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Brody DS, Hahn SR, Spitzer RL, et al. Identifying Patients With Depression in the Primary Care Setting: A More Efficient Method. Arch Intern Med. 1998;158(22):2469–2475. doi:https://doi.org/10.1001/archinte.158.22.2469
To determine if there is a core subset of depressive symptoms that could be used to efficiently diagnose depression after administering the 2-item PRIME-MD a screening questionnaire for depression.
One thousand patients selected randomly and by convenience from 4 primary care clinics were assessed by PRIME-MD and completed a questionnaire measuring the following validation variables: functional status and well-being, disability days, somatic symptoms, depression severity, suicidal thoughts, health care utilization, and the physician-patient relationship.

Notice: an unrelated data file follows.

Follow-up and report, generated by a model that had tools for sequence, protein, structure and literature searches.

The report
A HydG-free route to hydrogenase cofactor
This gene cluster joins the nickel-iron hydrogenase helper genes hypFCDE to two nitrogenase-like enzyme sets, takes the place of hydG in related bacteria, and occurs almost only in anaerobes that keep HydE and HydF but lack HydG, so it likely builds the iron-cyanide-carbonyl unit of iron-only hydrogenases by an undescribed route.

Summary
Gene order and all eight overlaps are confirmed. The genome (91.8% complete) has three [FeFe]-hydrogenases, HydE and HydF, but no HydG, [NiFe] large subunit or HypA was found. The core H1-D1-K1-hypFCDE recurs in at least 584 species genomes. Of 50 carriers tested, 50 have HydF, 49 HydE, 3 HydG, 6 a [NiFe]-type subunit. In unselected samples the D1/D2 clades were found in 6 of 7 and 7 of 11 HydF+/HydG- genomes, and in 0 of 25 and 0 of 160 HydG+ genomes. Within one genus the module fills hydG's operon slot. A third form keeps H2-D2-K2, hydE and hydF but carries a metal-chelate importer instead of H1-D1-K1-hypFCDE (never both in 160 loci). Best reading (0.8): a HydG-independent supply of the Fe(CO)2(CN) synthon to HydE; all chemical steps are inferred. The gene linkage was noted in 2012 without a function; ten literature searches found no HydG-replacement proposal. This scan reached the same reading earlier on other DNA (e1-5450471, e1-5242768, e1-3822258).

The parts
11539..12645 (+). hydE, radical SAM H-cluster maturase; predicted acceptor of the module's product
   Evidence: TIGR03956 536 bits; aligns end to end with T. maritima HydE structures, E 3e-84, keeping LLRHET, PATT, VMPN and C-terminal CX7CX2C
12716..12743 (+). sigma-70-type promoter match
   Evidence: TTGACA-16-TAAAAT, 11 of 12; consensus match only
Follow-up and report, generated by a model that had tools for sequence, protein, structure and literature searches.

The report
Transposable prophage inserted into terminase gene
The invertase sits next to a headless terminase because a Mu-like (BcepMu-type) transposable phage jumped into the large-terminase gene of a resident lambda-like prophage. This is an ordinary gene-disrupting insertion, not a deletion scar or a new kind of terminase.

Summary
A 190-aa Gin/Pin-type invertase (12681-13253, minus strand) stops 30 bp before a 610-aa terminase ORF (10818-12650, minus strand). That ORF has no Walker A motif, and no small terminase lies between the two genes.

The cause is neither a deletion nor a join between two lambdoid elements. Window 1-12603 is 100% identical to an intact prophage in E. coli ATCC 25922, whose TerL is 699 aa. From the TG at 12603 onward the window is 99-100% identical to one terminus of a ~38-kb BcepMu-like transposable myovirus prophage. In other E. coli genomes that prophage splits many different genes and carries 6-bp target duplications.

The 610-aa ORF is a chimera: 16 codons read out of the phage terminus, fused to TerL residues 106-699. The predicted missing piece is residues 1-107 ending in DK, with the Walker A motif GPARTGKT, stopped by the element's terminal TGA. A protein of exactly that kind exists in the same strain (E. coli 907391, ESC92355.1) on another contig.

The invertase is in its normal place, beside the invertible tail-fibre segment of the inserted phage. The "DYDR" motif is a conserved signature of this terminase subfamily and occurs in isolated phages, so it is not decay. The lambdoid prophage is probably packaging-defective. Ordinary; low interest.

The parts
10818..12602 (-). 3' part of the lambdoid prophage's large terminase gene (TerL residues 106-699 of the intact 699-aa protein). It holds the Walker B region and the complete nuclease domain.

Four symptoms (sleep disturbance, anhedonia, low self-esteem, and decreased appetite) accounted for virtually all the depression symptom-related variance in functional status and well-being, with 8.3% of patients having 2 of these symptoms and 8.2% having 3 or 4 of these symptoms. There was excellent agreement between diagnosis based on core symptoms and major depression (κ= 0.77; overall accuracy rate, 94%). There were significant differences (P<.001) among patients with negative depression screen, 0 to 1, 2, and 3 to 4 core symptoms with scores on each of the validation variables getting progressively worse in these 4 groups. A cutoff point of 2 core symptoms identified all but 3 patients with major depression and an additional 5% of the entire sample without major depression who were significantly (P<.05) worse than patients without depression on each of the validation variables.
A strategy that includes the use of a 2-item depression screener followed by the evaluation of 4 core depressive symptoms is an efficient and effective way of identifying and classifying primary care patients with depression in need of clinical attention.
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